Have you ever wondered about the nature and history of Puerto Rico’s relationship with the United States of America? After all, it’s located 1,600 miles beyond Miami and is separated from the U.S. mainland by the likes of Cuba, Bahamas, Turks and Caicos Islands, Haiti and Dominican Republic.
So . . . why is it that we have a Federal law for Puerto Rico’s financial problems? And why is it that we have a U.S. District Court for the District of Puerto Rico? And how is it that the Commonwealth of Puerto Rico and its municipal entity are debtors in the United States Bankruptcy Court for the District of Puerto Rico?
And why is it that they and we have been discussing, for many years now, the possibility of statehood for Puerto Rico?
And have you ever wondered what a 51st state would do to the star pattern on Old Glory?
I have – and without much success in getting a satisfactory answer: until recently.
An Answer from the U.S. Supreme Court
Fortunately, the U.S. Supreme Court comes to the rescue. It provides a history lesson on Puerto Rico in the case of Commonwealth of Puerto Rico v. Sanchez Valle, Supreme Court Case No. 15-108 (Decided June 9, 2016).
The Sanchez Valle case involves a question of double jeopardy in criminal prosecution under the U.S. Constitution. The precise question is this:
–May Puerto Rico and the United States “successively prosecute a single defendant for the same criminal conduct”?
The Supreme Court rules:
–“they may not, because the oldest roots of Puerto Rico’s power to prosecute lie in federal soil.”
To explain this holding, the Supreme Court’s opinion delves into the history and current status of relationships between Puerto Rico and United States of America. Here is a summary of what the Supreme Court’s opinion offers.
1898 – Territorial Beginnings
Puerto Rico becomes a territory of the United States in 1898, “as a result of the Spanish-American War.” The Treaty of Paris concludes that conflict and cedes “the island, then a Spanish colony, to the United States.” It also requires that Congress “determine ‘[t]he civil rights and political status’ of its inhabitants.”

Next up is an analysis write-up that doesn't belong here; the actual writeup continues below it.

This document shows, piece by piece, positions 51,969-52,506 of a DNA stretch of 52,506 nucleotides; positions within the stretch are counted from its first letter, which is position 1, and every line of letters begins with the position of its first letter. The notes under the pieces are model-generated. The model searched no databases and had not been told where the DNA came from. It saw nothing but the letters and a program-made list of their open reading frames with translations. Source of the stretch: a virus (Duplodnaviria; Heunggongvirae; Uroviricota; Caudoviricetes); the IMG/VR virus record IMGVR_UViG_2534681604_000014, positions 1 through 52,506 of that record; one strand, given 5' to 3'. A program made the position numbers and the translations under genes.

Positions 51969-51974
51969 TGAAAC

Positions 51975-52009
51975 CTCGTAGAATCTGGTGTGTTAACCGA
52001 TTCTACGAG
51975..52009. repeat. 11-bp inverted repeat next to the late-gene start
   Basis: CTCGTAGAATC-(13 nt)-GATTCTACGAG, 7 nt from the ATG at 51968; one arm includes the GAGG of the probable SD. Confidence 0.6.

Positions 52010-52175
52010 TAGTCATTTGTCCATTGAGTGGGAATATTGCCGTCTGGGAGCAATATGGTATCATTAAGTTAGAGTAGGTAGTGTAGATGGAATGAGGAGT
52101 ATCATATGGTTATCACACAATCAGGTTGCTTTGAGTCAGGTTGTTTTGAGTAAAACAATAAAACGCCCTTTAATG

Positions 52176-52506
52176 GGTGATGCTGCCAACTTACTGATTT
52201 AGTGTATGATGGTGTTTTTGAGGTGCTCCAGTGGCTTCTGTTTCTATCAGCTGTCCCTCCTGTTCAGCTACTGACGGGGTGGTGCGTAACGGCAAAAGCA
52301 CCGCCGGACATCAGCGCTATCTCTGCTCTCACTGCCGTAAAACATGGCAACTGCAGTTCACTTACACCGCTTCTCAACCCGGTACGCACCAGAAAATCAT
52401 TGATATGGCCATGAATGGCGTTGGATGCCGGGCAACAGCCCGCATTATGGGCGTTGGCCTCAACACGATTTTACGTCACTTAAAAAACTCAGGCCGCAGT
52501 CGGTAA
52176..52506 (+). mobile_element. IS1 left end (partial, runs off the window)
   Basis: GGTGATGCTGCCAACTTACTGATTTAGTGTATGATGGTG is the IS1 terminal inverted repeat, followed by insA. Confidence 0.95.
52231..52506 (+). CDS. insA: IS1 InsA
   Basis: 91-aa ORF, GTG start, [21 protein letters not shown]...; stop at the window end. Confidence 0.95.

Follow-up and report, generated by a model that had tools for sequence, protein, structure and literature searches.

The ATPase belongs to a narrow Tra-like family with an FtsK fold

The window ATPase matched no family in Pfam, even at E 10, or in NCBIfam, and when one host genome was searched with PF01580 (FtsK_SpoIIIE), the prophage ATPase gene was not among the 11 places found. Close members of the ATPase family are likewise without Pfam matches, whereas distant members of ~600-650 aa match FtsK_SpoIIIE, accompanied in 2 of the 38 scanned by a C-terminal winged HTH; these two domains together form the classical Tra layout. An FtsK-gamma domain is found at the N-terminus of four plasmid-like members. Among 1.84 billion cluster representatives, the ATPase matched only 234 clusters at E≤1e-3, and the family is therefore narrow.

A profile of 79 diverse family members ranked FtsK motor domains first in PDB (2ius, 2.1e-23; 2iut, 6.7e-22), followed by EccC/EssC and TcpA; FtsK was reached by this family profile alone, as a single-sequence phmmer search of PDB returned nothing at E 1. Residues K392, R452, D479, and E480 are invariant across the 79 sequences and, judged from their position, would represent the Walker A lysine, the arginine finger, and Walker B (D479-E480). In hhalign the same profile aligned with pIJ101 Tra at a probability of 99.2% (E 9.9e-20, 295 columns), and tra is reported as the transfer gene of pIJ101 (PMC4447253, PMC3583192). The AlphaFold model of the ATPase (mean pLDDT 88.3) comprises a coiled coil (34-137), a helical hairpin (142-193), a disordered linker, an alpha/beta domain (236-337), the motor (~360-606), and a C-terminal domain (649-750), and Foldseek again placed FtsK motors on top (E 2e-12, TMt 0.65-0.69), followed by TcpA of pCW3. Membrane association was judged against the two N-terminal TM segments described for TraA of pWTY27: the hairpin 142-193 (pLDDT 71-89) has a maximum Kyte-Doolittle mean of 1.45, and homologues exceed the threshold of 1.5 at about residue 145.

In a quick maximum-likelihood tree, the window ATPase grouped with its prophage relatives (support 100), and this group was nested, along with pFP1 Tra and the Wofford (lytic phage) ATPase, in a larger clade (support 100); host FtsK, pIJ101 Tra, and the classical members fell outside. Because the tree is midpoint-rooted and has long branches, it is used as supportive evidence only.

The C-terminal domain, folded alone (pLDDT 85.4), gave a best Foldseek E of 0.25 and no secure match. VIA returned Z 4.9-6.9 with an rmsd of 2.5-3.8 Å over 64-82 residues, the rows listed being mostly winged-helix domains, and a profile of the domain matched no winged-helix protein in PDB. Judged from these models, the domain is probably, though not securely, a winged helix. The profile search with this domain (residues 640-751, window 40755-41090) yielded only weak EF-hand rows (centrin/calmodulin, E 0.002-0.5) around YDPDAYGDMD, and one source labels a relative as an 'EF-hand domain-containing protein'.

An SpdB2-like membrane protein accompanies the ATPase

Congress initially establishes a “civil government” for Puerto Rico: the “U. S. President, with the advice and consent of the Senate,” appoints “the governor, supreme court, and upper house of the legislature,“ while “the Puerto Rican people” elect “the lower house themselves.” Federal statutes generally apply back then (and still do today) in Puerto Rico, “but the newly constituted legislature could enact local laws in much the same way as the then-45 States.”
All such Congressional actions involving Puerto Rico, beginning in 1898, are under Article IV, Sec. 3, of the U.S. Constitution, which provides: “The Congress shall have power to . . . make all needful rules and regulations respecting the territory . . . belonging to the United States.”
[Editorial Note: Ironically and coincidentally, 1898 is also the year that Congress enacted The National Bankruptcy Act of 1898, which remains in effect thereafter until Congress adopts the current Bankruptcy Code in 1978.]
“In the ensuing hundred-plus years, the United States and Puerto Rico” forge “a unique political relationship, built on the island’s evolution into a constitutional democracy exercising local self-rule.” Over time, Congress grants “additional autonomy” to Puerto Rico.
1917 – U.S. Citizenship and a Popularly Elected Senate
A newly-enacted federal statute, in 1917, gives U.S. citizenship to the island’s inhabitants and replaces “the upper house of the legislature with a popularly elected senate.”
1947 – Electing Own Governor
A 1947 amendment to the 1917 law empowers “the Puerto Rican people to elect their own governor, a right never before accorded in a U. S. territory.”
1950 – Toward a Puerto Rico Constitution
In 1950, Congress enables Puerto Rico “to embark on the project of constitutional self-governance.” Public Law 600 recognizes “the principle of government by consent,” authorizes “the island’s people to ‘organize a government pursuant to a constitution of their own adoption,’” describes itself as “in the nature of a compact,” and submits “its own terms to an up-or-down referendum of Puerto Rico’s voters.”
According to Public Law 600, “the eventual constitution had to ‘provide a republican form of government’ and ‘include a bill of rights.’” The language and terms of the new constitution “would be hashed out in a constitutional convention.”
“The people of Puerto Rico would be the first to decide, in still another referendum, whether to adopt” the constitution document. But the U.S. Congress “would cast the dispositive vote,” because Public Law 600 declares that the new constitution “would become effective only ‘[u]pon approval by the Congress.’”
1950-1952 – Adopting the New Constitution
“The Puerto Rican people first voted to accept Public Law 600, thereby triggering a constitutional convention.”